A professionally photographed headshot looks great, but it’s not your only option. Think about the setting and what you’ll wear – this can help convey your personality to other users. Most importantly, smile! Your pose and facial expressions can convey a sense of competency, likability, and professionalism.
Want to know what your photo says about you? Upload it to a site like PhotoFeeler that scores your photo on a variety of dimensions. While you’re there, take a look around at some others to see what works and what doesn’t so you can nail your next photo.
Your cover photo is another way to express who you are as a professional. It should relate to your industry or your brand. If you’re a geographer, use a photo of a map. If you’re an architect, use a photo of a blueprint. If you’re selling a product, show off that product.
LinkedIn is home to a wide variety of interest groups and organizations. Joining groups is a great way to connect with like-minded individuals and people in your industry. You can find out about local events and potentially win business or find job opportunities.
Groups have discussion forums where you can ask questions and engage in conversations. You’ll get noticed if you offer advice and answer questions, because this demonstrates your abilities and expertise.
Endorse and Be Endorsed:
LinkedIn not only allows you to list your skills – your connections can then endorse you to acknowledge for others that you do, in fact, possess those skills. This helps you further establish your credibility, and you should want as many endorsements as you can get.
The best way to get endorsements is to endorse others for their skills. Not only is this a great and easy way to compliment them, but it also encourages them to return the favor.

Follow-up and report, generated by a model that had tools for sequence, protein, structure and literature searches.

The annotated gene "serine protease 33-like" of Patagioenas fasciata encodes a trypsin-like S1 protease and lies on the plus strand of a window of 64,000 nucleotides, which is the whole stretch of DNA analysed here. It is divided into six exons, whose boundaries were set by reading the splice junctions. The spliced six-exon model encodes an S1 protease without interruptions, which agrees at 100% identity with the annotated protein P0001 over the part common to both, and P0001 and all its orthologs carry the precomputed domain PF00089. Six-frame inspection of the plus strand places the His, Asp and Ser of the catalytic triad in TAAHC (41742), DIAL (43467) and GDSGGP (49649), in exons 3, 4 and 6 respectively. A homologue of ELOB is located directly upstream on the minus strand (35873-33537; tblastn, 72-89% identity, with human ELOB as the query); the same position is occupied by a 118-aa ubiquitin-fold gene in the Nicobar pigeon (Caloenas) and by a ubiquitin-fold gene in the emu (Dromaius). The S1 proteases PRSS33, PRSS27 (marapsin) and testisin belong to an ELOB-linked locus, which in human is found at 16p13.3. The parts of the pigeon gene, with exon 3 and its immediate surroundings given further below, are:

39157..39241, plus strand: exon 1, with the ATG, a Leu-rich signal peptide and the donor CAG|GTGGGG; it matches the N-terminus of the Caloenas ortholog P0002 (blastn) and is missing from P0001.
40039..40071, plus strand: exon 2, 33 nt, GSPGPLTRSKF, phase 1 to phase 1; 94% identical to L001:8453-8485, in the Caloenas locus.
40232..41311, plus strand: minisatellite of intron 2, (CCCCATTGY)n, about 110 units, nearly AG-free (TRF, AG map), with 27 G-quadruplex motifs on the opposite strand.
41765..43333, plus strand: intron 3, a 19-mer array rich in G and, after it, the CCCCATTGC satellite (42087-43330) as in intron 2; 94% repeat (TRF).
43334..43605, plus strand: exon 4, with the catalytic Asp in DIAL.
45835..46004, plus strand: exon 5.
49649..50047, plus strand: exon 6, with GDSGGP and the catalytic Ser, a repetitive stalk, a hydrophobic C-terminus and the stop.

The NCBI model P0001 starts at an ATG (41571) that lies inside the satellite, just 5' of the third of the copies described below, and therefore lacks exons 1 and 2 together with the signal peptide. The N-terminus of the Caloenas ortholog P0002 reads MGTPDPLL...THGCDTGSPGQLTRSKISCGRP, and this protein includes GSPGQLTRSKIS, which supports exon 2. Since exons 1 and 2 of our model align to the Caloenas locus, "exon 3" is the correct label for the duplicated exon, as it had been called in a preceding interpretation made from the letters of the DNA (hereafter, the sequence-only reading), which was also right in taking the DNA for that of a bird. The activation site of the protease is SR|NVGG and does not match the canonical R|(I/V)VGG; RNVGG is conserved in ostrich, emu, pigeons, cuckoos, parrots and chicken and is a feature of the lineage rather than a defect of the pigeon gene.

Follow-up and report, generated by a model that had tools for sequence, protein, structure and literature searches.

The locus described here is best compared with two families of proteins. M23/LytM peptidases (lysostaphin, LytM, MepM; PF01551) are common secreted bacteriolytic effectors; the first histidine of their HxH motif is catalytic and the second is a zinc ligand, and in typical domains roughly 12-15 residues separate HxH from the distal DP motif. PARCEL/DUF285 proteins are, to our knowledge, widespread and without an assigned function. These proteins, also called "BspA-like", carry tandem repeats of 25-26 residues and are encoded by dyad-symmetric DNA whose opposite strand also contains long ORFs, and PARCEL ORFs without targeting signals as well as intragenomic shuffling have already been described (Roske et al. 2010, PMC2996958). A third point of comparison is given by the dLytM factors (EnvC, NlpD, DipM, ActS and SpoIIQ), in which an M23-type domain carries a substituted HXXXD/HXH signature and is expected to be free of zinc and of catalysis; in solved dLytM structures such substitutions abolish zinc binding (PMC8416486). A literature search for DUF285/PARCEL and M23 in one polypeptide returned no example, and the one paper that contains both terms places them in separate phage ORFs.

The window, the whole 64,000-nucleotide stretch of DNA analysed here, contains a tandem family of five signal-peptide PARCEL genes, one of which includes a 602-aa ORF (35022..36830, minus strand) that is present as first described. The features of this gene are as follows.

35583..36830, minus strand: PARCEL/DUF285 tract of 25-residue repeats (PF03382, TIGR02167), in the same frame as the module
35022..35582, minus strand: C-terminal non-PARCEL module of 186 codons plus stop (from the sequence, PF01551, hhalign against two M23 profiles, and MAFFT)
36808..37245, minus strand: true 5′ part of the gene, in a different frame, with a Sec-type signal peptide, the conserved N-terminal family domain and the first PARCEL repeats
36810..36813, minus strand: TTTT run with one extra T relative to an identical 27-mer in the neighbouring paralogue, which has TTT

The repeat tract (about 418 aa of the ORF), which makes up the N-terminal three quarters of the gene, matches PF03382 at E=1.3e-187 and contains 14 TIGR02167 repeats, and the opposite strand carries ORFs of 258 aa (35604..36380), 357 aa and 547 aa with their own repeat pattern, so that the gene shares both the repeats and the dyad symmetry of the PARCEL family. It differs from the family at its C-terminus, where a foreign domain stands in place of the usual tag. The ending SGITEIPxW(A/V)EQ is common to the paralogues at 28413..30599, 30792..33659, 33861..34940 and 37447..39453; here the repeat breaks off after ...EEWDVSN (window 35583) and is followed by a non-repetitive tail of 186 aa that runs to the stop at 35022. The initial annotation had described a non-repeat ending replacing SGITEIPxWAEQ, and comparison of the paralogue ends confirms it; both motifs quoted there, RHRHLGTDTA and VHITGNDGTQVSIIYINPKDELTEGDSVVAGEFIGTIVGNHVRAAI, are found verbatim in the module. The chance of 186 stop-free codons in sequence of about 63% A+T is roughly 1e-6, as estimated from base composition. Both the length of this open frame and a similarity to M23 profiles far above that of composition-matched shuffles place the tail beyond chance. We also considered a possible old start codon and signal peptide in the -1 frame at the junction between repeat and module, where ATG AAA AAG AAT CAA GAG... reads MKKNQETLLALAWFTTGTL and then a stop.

The first, and most important step is to include any relevant and noteworthy skills to your LinkedIn so that others may endorse you for them. Check out career expert Dan Schawbel’s LinkedIn profile for a good example. Dan focuses on his top skills, all of which have garnered over 99 endorsements. Notice how he doesn’t include basic skills like “Excel” and “Microsoft Office.”
Use the Messaging Service:
One old-fashioned way to network is to make cold calls or send cold emails to potential employers and colleagues. Generally this is a good approach, but LinkedIn makes it a little easier with its built-in messaging system.
Many professionals today regularly check their LinkedIn accounts, so sending private messages on the site does not lessen the chance that you’ll get noticed. In fact, it eliminates the risk that your emails will get lost in spam folders. It also allows you to keep all of your professional networking in one place.
Build a Multimedia Portfolio:
In addition to displaying your resume, you can upload and link to a variety of media. If you have writing samples, design projects, videos, photography, or any other pieces of work you’re proud of, make sure to include them on LinkedIn.
Log in Often:
In order to effectively network and take full advantage of the benefits of LinkedIn, be sure to log in often. Keep up with messages and notifications, and regularly publish content and keep your career history up-to-date.
LinkedIn is a powerful and essential tool in today’s professional landscape. With these LinkedIn tips in mind, you’ll be able to dominate that landscape and make the most of your career, your brand, or your business.
By Sarah Landrum: Sarah Landrum is a freelance writer and the founder of Punched Clocks, a site all about finding career happiness and success. For more from Sarah, subscribe to her newsletter and follow her on Twitter @SarahLandrum.
Image via SS Life and Style.